Owner & winemaker: Dani Rozman
Vineyards: Farming 2 acres, plus purchasing fruit
Vineyard management: Practicing organic with purchased fruit from organic and biodynamic vineyards
Soils: Granitic, gravel, and sandy loam
Grapes grown: Paìs, Cabernet Sauvignon, Merlot, Semillon, Sauvignon Blanc, Syrah
Annual production: 10,000 bottles
- Dani Rozman makes wine in both California and Chile each year, inspired by the shared history, grape varieties, and soil types in both regions.
- “Wines taste alive when they come from vines surrounded by life, terroir that speaks loudly and winemaking that doesn’t get in the way.” – Dani Rozman
Dani Rozman began farming in the Sierra Foothills in 2013, inspired by the possibility of working with Cinsault, a grape he had also worked with in Itata, Chile. He’s long split his time between North and South America, having spent time in his twenties working in Argentina and Chile. Today, he describes himself as a “flying winemaker”–he works two harvests every year, one in the Sierra Foothills and one in Itata, Chile. As he explains it, “La Onda tries to reflect the last ten years of making wine in these similar regions across the American continent, drawing on the shared viticultural history, cultivars and soil types.”
His California project is based in the northern part of the Sierra Foothills, where he farms two acres of own-rooted vines in granitic soils at 1,900-2,500ft of elevation. “The vineyards are wild, a true collection of vines, granite, red clay, insects, bees, herbs, flowers, berries, thistles and hungry animals,” Dani tells us. Farming is done entirely by hand and eschews chemicals, irrigation, and tilling. Unfortunately drought and wildfires pose a growing threat to these unique vineyards. “These days it feels like each harvest is at risk until the grapes are fully picked,” he laments. He also purchases fruit from friends farming organically or biodynamically.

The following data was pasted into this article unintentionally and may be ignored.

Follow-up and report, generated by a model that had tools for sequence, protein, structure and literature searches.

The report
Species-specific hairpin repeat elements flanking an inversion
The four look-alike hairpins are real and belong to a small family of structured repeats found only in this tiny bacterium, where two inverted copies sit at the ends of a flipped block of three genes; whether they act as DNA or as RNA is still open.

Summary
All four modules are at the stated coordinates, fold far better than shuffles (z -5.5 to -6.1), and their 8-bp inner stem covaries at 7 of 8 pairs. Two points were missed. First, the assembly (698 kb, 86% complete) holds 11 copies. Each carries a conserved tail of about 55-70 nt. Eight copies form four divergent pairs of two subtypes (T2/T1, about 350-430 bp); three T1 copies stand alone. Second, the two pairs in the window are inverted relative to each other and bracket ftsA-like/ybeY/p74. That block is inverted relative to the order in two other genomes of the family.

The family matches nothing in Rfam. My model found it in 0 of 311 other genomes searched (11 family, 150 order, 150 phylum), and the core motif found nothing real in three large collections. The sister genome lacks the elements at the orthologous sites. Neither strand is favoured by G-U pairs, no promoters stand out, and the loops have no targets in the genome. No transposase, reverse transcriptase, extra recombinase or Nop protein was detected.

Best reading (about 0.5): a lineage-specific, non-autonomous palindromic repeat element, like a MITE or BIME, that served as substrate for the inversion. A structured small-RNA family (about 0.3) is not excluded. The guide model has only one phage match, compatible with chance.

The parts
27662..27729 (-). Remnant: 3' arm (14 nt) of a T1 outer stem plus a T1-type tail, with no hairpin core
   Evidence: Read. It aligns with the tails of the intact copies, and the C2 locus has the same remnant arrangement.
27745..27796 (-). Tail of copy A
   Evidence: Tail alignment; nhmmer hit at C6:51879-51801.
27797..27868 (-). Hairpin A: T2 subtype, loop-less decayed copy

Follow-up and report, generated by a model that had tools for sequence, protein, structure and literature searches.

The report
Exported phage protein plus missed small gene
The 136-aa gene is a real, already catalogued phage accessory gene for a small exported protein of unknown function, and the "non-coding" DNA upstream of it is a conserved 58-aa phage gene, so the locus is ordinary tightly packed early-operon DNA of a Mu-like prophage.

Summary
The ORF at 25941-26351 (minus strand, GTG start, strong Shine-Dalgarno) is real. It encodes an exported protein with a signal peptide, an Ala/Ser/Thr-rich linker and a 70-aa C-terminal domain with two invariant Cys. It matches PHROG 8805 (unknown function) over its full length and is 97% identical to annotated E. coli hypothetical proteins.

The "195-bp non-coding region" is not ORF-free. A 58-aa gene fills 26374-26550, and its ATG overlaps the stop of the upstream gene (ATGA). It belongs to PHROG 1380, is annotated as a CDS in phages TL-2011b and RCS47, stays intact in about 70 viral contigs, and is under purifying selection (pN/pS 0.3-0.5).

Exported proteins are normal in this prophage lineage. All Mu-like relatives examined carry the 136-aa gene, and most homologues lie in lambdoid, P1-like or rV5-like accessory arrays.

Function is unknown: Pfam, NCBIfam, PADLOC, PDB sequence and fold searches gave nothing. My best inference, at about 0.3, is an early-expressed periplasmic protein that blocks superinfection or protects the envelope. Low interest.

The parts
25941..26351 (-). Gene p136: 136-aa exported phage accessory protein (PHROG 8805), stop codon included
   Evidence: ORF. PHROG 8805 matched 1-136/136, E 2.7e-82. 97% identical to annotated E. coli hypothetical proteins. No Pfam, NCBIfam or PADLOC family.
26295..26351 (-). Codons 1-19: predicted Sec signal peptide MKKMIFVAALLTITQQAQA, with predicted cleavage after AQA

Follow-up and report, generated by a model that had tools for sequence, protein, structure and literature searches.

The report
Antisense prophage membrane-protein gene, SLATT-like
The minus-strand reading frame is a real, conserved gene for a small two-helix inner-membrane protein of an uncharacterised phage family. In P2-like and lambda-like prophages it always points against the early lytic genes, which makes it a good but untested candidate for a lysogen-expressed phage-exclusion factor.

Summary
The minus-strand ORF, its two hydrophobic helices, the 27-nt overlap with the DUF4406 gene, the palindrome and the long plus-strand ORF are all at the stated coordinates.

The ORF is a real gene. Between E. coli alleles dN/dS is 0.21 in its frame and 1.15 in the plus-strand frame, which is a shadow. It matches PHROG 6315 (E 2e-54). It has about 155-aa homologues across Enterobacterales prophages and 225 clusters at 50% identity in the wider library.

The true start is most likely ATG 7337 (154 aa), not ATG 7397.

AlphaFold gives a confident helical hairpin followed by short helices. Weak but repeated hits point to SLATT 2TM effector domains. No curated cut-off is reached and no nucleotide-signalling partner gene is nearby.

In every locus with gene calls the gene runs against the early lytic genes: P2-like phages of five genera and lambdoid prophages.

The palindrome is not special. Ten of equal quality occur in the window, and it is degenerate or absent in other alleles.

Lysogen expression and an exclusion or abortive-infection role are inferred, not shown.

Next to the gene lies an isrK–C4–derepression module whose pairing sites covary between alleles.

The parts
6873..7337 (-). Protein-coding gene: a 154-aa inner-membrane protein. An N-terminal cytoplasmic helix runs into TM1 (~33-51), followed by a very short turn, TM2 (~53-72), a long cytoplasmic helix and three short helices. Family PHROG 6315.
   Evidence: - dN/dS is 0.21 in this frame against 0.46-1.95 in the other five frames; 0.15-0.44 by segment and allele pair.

Grapes are harvested by hand in several passes to ensure optimal ripeness. Dani doesn’t destem any of the grapes; rather, they are foot-stomped or pressed as whole clusters. Fermentation is spontaneous, no additives of any kind are used, and movement by gravity flow is preferred to pumps in almost every circumstance. After aging in barrel, the wines are bottled unfiltered and unfined for an additional period of bottle aging before release.